Beer wars: Pabst takes MillerCoors to court for allegedly trying to put it out of business

MillerCoors wants to end a longstanding deal with Pabst Brewing Company to brew its products, and the pair of beer companies headed to court Monday over the latter’s allegations that MillerCoors is trying to put it out of business.

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The $400 million lawsuit is over Pabst’s allegations that MillerCoors is lying about its brewing capacity in order to terminate the partnership and take over its share of the market.

“We are deeply disappointed that MillerCoors, the U.S. subsidiary of multinational brewing conglomerate Molson Coors, has willfully breached our 19-year agreement in an effort to stomp out the competition,” a Pabst spokesperson said in a statement to FOX Business.

At a March hearing in which MillerCoors tried to have the lawsuit dismissed, Pabst attorney Adam Paris said "stunning documents" obtained from MillerCoors show that it went as far as hiring a consultant to "figure out ways to get rid of us." MillerCoors has called that a mischaracterization of the consultant's work.

“Even though MillerCoors’ market power is much larger than Pabst’s, we will not allow this industry bully to push us around,” a Pabst spokesperson said. “We are confident that the court will see MillerCoors’ fabricated ‘capacity’ concerns for what they are: a thinly veiled, bad faith attempt to unlawfully hurt a competitor.”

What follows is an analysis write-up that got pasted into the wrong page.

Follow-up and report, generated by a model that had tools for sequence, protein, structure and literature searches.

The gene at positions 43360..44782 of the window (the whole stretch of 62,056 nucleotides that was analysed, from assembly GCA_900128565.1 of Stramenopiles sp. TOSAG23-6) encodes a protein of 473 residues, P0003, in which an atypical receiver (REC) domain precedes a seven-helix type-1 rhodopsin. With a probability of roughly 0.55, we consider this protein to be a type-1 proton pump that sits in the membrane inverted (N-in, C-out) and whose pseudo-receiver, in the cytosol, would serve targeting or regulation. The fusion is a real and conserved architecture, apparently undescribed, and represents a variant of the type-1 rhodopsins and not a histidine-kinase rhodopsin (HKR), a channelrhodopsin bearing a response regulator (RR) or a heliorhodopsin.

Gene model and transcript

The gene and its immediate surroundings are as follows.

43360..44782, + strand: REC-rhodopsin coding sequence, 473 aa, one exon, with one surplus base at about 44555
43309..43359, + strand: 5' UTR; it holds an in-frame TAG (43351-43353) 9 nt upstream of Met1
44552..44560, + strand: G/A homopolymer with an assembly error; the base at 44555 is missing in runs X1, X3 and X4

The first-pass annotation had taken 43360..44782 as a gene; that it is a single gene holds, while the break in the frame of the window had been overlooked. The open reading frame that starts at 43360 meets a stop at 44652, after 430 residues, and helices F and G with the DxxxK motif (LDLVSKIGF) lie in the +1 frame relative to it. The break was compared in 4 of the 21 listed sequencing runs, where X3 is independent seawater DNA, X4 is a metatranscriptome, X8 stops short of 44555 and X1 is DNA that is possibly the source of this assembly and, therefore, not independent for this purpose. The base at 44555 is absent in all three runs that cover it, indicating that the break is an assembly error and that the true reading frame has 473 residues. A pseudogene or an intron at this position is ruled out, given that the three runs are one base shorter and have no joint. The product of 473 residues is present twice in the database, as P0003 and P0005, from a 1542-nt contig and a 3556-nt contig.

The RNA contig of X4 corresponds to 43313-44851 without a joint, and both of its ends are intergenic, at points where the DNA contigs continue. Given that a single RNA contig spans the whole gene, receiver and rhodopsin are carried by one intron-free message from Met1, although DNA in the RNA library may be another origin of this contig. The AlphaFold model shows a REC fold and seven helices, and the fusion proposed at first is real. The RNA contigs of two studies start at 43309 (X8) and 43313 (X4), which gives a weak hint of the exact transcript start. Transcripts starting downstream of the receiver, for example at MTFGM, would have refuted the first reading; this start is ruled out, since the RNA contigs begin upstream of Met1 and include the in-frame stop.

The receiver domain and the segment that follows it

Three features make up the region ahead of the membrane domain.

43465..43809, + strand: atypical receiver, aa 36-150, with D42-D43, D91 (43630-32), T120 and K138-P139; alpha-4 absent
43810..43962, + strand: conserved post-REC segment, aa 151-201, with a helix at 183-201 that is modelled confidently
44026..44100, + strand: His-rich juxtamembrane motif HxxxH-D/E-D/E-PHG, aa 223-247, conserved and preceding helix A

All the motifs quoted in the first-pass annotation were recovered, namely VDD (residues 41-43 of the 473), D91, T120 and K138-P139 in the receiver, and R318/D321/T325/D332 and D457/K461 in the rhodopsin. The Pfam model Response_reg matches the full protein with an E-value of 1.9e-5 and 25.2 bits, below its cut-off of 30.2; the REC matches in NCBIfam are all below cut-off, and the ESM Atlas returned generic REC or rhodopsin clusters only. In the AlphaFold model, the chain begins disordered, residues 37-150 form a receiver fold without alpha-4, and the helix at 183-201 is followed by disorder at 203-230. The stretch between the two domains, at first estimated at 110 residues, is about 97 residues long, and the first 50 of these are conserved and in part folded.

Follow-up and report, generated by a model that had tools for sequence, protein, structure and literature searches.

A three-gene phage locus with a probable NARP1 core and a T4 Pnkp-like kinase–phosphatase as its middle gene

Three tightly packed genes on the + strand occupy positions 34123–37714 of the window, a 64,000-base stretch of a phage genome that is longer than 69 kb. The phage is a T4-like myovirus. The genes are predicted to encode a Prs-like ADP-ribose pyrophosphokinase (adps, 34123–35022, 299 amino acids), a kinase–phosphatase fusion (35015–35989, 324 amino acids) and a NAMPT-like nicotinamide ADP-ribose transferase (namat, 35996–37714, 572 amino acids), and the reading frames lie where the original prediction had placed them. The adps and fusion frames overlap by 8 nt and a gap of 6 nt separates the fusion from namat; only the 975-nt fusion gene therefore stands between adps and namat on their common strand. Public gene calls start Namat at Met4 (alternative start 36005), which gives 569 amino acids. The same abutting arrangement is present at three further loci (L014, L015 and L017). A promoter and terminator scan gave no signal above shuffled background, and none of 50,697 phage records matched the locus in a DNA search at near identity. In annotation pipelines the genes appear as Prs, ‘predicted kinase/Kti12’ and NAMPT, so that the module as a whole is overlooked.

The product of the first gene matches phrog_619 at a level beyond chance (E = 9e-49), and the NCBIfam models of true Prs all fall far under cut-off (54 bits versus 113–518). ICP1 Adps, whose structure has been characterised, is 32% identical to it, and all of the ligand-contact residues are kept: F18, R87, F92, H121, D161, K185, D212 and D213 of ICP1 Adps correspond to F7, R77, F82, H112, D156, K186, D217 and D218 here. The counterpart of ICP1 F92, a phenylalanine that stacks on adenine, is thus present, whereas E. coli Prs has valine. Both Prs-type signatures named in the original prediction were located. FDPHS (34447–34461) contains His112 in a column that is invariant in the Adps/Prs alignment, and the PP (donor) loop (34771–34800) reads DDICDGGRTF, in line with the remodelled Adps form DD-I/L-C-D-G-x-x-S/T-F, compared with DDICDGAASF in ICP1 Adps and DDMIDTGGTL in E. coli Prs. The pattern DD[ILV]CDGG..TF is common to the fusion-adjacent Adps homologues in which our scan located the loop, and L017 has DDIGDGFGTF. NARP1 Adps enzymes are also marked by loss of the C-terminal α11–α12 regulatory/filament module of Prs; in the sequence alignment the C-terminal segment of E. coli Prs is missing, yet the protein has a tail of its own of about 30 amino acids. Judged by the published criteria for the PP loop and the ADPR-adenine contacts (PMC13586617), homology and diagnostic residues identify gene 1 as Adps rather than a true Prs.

MillerCoors, which did not return FOX Business’ request for comment, is responsible for producing, packaging and shipping the majority of Pabst’s products, which include Blue Ribbon, Colt 45 Malt Liquor, Lone Star, among a host of other beers. Pabst has said MillerCoors – which is the second-largest U.S. beer company behind Anheuser-Busch – is its only option to fulfill those needs.

The pair have a contract set to expire in 2020, but do not agree on how the agreement can fairly be terminated.

MillerCoors wants Pabst to pay more for its services, though the latter claims it is unable to meet price objectives.

The dispute comes as beer sales from the country’s largest producers are on the decline.

Total dollar sales at MillerCoors declined 2 percent as of June, according to data from market research firm IRI, as reported by BrewBound. Anheuser-Busch also experienced a sales decline during the same timeframe.

In an interview with FOX Business last month, “Bar Rescue” host Jon Taffer pointed to the legalization of recreational marijuana as one reason why Americans are drinking less beer. Other reports have alleged that younger generations’ preference for wine and hard liquor is responsible.

The trial is set to begin on Monday in Milwaukee.

The Associated Press contributed to this story.